In today’s Nature, astronomers discuss the highest resolution imagery taken by the Chandra X-ray telescope of our own Milky Way galaxy. You’ll need a subscription, but there is a interpretive summary of the peer-reviewed paper available online now here (Nature has a great x-ray/visible composite image of M82 on the page), and if you want to see the astronomers’ data itself, you’ll find that online here. The Chandra mission team also has an announcement (available to all) about this published paper, here.
Scientists have long sought to develop a methodology by which they could detect life remotely, that is, at a distance, such as in orbit, or even further away. Many proxies for life’s detection have been debated, most recently the presence of methane in an atmosphere of a terrestrial type planet. Now a group of scientists believe that they have a way to detect life remotely, utilizing a technique known as circular polarization of light. This technique is directly related to the chirality, or handedness of biochemicals. For example, all life on Earth utilizes the “left-handed” (levo) amino acids, although we also utilize the right-handed (dextro) sugars. Light is polarized, just like a polarizing filter (like your sunglasses), and the biochemical causes the polarization because of the chirality of its atoms. Read more about this fascinating proposal for detecting life in this pre-print of the upcoming issue of the Proceedings of the National Academy of Sciences (PNAS), online now here.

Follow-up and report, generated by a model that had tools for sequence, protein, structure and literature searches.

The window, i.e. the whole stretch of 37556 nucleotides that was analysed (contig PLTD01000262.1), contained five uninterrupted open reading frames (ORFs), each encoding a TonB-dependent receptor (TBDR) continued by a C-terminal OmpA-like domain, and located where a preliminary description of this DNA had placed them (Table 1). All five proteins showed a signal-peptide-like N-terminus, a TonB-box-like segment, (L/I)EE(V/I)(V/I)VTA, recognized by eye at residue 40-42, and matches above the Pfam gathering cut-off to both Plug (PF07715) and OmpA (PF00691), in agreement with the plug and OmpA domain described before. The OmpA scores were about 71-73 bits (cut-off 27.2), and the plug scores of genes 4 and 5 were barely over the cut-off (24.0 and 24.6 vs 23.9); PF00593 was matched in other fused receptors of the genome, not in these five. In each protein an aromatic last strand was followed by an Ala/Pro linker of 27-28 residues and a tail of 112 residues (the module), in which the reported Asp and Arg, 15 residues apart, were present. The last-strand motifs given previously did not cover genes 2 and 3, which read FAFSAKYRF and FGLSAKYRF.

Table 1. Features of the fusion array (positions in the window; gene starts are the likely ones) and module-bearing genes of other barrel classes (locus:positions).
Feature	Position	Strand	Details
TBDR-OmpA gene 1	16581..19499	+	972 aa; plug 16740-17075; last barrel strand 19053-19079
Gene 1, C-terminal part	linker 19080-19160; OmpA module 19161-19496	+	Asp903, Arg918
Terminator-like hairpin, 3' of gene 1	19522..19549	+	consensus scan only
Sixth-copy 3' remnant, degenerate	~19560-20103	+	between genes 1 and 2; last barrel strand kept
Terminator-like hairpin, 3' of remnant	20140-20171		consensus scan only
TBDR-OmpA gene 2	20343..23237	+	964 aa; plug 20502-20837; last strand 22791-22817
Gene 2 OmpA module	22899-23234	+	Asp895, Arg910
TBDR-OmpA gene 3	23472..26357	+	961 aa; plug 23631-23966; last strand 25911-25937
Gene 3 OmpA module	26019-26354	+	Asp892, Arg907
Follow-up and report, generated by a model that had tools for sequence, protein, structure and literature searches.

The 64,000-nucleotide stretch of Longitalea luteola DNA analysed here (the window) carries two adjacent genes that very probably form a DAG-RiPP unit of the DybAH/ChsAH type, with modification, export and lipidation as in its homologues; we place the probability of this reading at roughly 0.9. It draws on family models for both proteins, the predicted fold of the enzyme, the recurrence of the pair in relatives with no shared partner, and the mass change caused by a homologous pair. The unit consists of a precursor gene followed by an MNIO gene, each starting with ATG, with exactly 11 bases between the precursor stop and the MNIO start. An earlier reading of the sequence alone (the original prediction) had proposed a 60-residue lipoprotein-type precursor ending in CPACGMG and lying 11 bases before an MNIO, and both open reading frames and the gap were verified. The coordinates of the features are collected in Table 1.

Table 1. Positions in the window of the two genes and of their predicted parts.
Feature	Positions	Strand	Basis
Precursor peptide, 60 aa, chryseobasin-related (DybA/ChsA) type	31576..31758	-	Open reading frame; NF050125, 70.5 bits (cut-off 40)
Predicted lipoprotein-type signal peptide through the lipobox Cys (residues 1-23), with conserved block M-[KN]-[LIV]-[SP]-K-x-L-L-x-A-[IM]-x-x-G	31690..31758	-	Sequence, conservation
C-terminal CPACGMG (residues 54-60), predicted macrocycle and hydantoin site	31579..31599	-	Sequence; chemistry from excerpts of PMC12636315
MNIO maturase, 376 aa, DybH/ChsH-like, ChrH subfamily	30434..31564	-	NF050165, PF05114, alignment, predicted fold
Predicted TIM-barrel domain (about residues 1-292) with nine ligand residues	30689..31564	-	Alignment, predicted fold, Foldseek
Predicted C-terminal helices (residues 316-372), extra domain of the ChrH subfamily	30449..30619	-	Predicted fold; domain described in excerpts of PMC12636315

Conferences can often be an excellent way to catch up on the latest research in a field, and because astronomers know that they are addressing other astronomers who may not be well-versed in the presented material, they tend to provide explanations that you won’t find in the peer-reviewed literature. In a conference paper, given last month and released today, online here, Dr. Christine Chen of the Space Telescope Science Institute in Baltimore, outlines her research, and others, in an attempt to better understand what are called debris disks. Dr. Chen states that “debris disks are dusty disks around main sequence stars.” Furthermore, debris disks “are distinguished from proto-planetary disks by their small” gas to dust ratios. To better comprehend the nature of these debris disks, astronomers use multiple wavelengths in the electromagnetic spectrum as part of what is known as a spectral energy distribution analysis. In her presentation, Dr. Chen describes how astronomers know what they know about debris disks, and how they hope to learn more about the nature of debris disks after the servicing of the Hubble Space Telescope, and other future instruments.